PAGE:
Creating a design for the site or web application – this is the most subjectively evaluated stage of web application development, often causing difficulties as at the stage of problem definition, and at the stage of delivery and acceptance of work performed. Design – the development of graphic layouts of the interface. The result of work on the stage: a set of layouts of the main screens in PSD, AI or other suitable format, which are needed for further HTML-composition. Sometimes, in addition to the main screens, individual interface elements are also drawn and straight lines are created.
Formulate goals and constraints
The contractor performing design work must understand why he creates the interface, what tasks this interface will solve and who will use this interface. Work built in the style of “make me like it” does not bring good results.
The optimal approach is to create one quality version. Designer time in any case is paid by the Customer, so if the budget is limited, and the Customer requires a large number of variants of layouts, then each of them will not be spent enough time and they will not be properly developed. Prototyping is an excellent way to define a concept even at the design stage: prototypes are cheaper and faster to produce, and they solve the problem of developing a concept.
Involve all decision makers on the project in the acceptance process. Otherwise, problems may arise at the launch of the product – if the investor, business owner or director will see not the design, but the finished site or application, and he will have comments or suggestions, then their introduction to the already finished project will be significantly more expensive than if these comments were taken into account in a timely manner.
Check the compliance of layouts with the technical task: it happens that the layouts are not presented individual required components or, conversely, reflected an unwritten functionality. Both are fraught with further problems at the programming stage. The goal of design is to achieve a balance between aesthetics and friendliness of the interface. But usability, as a rule, is more important than abstract “beauty”: commercial sites and web applications are created to solve quite clear and specific problems, and “overloaded” design not only does not contribute to these problems, but also prevents.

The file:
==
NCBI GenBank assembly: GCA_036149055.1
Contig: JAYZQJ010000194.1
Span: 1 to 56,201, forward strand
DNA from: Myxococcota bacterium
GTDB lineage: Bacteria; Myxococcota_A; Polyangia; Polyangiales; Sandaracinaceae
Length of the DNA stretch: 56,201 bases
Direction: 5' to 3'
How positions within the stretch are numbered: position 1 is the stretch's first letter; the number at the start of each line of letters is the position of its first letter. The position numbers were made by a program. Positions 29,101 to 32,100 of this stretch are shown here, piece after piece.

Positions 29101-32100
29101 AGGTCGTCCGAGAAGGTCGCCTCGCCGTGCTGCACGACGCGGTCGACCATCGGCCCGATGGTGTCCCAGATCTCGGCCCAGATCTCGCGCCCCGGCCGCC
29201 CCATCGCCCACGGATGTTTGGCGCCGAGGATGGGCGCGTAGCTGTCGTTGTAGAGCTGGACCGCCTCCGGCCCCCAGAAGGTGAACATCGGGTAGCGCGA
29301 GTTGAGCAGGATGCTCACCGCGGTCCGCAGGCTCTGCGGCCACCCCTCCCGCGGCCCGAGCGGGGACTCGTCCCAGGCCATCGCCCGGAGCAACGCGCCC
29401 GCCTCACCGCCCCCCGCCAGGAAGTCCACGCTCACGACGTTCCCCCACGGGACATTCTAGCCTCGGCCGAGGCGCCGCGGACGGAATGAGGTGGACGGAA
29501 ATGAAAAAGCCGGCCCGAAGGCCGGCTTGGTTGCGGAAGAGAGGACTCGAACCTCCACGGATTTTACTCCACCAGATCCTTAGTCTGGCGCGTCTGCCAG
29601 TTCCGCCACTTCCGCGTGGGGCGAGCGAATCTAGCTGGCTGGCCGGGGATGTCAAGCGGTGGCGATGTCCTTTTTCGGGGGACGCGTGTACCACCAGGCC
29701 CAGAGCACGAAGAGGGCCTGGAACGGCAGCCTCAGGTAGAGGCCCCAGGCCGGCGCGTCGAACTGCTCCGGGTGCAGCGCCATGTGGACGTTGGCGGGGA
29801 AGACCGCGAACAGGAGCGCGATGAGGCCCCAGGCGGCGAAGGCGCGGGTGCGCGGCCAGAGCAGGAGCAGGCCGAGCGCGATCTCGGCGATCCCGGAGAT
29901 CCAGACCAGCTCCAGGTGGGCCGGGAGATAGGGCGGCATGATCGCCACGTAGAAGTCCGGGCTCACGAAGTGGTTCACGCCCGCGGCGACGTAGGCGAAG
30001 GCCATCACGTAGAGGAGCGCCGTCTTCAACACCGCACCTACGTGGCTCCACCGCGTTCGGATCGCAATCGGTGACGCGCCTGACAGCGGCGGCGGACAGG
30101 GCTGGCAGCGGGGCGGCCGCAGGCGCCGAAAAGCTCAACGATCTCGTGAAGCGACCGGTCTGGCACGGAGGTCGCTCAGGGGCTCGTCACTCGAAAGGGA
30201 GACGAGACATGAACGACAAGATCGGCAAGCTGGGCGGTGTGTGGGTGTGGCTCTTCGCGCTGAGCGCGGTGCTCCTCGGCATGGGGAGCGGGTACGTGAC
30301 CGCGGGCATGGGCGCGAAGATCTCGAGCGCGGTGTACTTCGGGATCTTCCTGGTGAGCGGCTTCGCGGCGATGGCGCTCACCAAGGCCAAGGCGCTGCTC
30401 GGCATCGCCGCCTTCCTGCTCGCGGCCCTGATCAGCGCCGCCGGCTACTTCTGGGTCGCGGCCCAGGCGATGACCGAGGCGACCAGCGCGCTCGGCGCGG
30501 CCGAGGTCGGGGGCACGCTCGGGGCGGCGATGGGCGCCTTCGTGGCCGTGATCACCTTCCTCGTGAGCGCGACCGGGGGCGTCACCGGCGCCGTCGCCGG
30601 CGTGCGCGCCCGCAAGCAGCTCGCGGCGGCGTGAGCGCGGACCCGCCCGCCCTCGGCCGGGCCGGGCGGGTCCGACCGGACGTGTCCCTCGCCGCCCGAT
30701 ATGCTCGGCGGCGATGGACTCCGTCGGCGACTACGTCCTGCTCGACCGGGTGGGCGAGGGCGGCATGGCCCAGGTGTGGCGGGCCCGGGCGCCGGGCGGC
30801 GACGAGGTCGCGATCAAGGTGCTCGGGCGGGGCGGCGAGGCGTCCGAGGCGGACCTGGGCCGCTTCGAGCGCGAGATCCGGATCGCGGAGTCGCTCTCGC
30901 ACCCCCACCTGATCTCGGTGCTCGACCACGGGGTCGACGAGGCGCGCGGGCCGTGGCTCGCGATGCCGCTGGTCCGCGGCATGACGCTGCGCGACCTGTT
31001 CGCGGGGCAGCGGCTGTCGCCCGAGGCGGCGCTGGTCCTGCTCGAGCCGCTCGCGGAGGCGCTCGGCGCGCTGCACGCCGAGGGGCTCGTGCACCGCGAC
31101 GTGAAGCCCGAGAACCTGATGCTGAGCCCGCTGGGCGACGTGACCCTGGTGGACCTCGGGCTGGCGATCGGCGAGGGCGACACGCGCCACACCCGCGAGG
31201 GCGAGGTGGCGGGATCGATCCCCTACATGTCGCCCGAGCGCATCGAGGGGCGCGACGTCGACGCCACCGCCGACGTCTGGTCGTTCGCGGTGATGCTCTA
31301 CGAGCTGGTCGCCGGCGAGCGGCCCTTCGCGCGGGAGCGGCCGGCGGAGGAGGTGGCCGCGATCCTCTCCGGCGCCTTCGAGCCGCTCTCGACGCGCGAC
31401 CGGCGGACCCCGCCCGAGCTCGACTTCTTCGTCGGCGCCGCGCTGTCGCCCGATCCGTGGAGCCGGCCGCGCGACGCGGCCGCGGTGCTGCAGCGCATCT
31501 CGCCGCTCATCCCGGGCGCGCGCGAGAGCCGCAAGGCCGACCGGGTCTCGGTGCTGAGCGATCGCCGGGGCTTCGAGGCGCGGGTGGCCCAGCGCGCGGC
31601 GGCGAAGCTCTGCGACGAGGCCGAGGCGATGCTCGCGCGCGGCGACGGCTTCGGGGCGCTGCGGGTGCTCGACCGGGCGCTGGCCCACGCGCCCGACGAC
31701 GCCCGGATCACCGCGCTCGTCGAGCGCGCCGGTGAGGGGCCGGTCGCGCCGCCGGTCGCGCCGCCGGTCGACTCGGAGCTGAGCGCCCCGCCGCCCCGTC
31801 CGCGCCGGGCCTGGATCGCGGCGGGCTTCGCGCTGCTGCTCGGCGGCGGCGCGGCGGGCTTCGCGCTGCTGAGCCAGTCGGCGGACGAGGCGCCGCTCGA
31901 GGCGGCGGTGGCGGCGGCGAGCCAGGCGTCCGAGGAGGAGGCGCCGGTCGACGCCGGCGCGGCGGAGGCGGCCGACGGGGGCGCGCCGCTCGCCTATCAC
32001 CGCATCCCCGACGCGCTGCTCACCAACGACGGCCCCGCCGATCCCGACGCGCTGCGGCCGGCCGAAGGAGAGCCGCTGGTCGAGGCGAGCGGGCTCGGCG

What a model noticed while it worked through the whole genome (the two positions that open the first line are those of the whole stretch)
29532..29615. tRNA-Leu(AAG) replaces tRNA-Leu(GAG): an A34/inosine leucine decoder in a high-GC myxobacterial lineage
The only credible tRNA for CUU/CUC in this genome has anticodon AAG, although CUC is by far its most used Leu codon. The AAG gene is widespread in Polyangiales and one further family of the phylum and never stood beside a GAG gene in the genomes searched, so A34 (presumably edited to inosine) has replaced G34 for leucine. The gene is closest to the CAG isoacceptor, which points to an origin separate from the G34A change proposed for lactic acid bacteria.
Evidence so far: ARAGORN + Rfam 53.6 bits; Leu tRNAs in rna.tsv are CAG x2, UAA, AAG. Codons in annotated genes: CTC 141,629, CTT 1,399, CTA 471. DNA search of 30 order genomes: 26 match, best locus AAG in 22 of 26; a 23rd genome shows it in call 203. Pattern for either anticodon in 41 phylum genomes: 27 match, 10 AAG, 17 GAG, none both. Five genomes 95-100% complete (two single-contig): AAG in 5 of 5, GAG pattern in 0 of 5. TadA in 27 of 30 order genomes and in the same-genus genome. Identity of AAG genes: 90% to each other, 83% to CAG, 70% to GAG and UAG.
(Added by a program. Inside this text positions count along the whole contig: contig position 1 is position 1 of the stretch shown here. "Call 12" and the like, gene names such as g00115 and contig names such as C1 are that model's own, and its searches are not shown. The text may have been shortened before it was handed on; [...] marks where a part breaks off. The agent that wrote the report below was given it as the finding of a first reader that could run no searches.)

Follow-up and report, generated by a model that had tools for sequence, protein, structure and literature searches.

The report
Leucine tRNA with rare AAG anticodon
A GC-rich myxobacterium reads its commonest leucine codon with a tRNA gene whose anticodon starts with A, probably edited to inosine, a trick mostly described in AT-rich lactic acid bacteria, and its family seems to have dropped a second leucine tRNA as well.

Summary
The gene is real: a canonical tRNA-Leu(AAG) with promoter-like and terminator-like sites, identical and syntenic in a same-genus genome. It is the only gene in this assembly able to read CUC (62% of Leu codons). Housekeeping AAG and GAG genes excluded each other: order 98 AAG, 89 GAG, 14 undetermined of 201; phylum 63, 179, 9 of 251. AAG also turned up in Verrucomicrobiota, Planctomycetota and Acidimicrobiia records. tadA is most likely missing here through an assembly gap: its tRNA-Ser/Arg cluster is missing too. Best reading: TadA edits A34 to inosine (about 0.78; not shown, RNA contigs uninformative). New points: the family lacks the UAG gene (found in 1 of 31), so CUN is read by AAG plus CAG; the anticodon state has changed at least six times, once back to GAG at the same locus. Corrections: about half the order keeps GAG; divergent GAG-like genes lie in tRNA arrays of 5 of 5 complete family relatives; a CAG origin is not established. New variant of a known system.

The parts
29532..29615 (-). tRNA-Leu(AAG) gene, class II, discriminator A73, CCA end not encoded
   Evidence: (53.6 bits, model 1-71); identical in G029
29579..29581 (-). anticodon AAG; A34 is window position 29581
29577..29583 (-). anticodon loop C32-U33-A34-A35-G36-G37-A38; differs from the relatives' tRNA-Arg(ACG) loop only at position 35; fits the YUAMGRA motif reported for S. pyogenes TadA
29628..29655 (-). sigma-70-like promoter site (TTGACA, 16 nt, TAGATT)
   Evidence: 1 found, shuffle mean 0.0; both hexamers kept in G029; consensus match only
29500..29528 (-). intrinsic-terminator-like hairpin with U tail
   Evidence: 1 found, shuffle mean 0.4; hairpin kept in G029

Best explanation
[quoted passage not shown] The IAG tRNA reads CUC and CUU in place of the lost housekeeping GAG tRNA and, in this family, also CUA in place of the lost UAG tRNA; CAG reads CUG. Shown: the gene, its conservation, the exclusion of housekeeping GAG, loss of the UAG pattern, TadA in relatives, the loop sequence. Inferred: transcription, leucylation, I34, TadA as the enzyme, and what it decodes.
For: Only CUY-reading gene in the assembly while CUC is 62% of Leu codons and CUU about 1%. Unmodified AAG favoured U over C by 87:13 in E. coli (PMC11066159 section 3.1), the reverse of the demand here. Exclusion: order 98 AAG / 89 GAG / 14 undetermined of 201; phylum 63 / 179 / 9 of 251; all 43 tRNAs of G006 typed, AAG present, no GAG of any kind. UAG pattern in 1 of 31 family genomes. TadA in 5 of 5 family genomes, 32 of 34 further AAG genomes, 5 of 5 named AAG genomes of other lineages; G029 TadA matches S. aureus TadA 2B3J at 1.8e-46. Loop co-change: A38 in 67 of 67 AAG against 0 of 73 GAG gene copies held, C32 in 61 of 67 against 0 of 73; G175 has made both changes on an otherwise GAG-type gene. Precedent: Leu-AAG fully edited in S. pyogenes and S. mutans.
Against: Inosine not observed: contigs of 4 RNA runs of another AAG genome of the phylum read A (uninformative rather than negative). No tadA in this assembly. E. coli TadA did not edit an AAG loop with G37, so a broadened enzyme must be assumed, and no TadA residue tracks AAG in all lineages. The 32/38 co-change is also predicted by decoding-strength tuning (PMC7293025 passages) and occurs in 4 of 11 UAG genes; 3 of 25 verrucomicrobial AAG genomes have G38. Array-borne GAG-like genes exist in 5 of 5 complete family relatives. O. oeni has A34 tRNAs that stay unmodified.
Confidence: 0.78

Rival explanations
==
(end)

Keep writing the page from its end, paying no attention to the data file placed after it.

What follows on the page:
When working with a qualified contractor it is most effective to adjust in the format of business requirements, rather than in the style of “move”, “enlarge” and “repaint”. Adjustments in the format of description of the required implementation is a dead-end format of interaction, as in this case the interface will be built not on the basis of the tasks to be solved and not for users, but to satisfy the sense of beauty among decision-makers.
Do not forget about the target audience – the site design is not developed for management and not for the marketing department, moreover, very often these people are very far from the real target audience. Remember this.
Thoughts and A/B tests
In the design process, very often conflicting assumptions arise based on someone else’s opinion. For example, there may well be a debate about the color and size of buttons: someone thinks they need big red “add to cart” buttons, and someone argues for smaller green buttons. This argument may go on long enough, but it is unlikely to be constructive. A great solution would be to conduct an A/B test on an already launched website, where you can show green buttons to half of the audience, red buttons to the other half, and after some time the usage and conversion statistics will show which option is actually more effective.